Tuesday, July 30, 2013 6:31 AM
  • this article may help (change the amd64 to be x86, if needed)

    http://spzincho.blogspot.com.au/2010/04/how-to-re-install-internet-explorer-8.html


    Don
    (Please take a moment to "Vote as Helpful" and/or "Mark as Answer", where applicable.
    This helps the community, keeps the forums tidy, and recognises useful contributions. Thanks!)

    • Marked as answer by femgeek Wednesday, July 31, 2013 5:05 AM
    Tuesday, July 30, 2013 9:04 AM
  • if it can be done via Control Panel / Programs .../"Turn Windows Features On or Off", then there surely must be an underlying command to perform the repair.

    Nope.  I think it was a lost opportunity.   E.g. you uncheck it and the machine literally grinds away doing who knows what just to hide  iexplore.exe  and its shortcuts?   Apparently all that grinding is preserving the broken environment instead of repairing it!  Compare how little time it takes toggling it back on and that surprisingly there is no reboot required when reinstating the component?  So it is not a repair and I don't know of any way to do one which is completely effective (other than what the OS provides for repairing it and all its components as a whole).

    However, if someone has a VM set up they are willing to do some extreme testing on, my latest ideas for repair possibilities would be from some of the (apparent) multitude of command line switches that  ie4uinit.exe  has embedded in it.   Unfortunately there is no documentation for these and only scattered hints in various blogs and forums that there might be something effective done using them.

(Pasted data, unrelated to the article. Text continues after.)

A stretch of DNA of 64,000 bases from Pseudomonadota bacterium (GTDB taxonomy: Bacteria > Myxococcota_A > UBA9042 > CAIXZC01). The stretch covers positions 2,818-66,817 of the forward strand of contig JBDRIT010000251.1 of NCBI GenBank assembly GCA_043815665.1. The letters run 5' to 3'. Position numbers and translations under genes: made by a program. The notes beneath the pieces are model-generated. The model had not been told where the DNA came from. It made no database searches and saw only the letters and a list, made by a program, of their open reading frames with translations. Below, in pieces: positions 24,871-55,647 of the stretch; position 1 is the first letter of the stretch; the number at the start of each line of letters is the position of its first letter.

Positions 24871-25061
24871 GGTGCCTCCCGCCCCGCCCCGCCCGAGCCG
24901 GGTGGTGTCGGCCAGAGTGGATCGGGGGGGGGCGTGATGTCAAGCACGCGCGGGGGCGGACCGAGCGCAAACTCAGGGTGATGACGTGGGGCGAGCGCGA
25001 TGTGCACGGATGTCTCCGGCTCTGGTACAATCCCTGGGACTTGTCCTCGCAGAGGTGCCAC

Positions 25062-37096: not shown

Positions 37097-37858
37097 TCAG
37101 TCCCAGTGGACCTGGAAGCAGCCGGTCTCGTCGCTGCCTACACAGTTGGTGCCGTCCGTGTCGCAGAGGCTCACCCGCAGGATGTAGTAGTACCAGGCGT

An even better implementation I suspect would be to create a comprehensive troubleshooter as an msdt file.   There are some which concern IE but they are very specific and there is no sign that they would do the kind of general mass registry reinitialization that would be wanted in many cases.  E.g. run one while ProcMon is recording Operation Is RegSetValue to see how limited they are in that regard.

    Otherwise the best that we have is mass applications of whatever can be done via regsvr32.exe commands but that technique is increasingly less effective as it is eroded by security patches and as module names change and the DllRegisterServer and DllInstall entry points are either eliminated or moved around.

    BTW someone is distributing something called the "Complete Internet Repair Tool" that several users have apparently had success with but I haven't used it and don't know what it does.  That would be another thing to try using isolated in a VM and monitored by ProcMon to understand what all it does.

     
    FYI
    Robert Aldwinckle
    ---


    Tuesday, July 30, 2013 12:18 PM
    Answerer
  • Thanks.  That method describes using dism;  I've also found ocsetup, which seems to work similarly.

    Now my problem is finding a way to deal with the "interactive services" session that puts up the reboot prompt!

    Wednesday, July 31, 2013 5:02 AM
  • Thanks.  I was unable to get this method (FORFILES ...) to work;  even from a command prompt that was "Run as Administrator", I received errors about not having the rights to do this.  I think this method might be running into problems because IE8 is handled and owned by "TrustedInstaller".

    I have a feeling that finding a workaround, in this particular instance, will take me longer than working with dism or ocsetup.  But I want to thank you for the thorough "it should have worked" response.

    Wednesday, July 31, 2013 5:05 AM
  • Thanks.  That method describes using dism;  I've also found ocsetup, which seems to work similarly.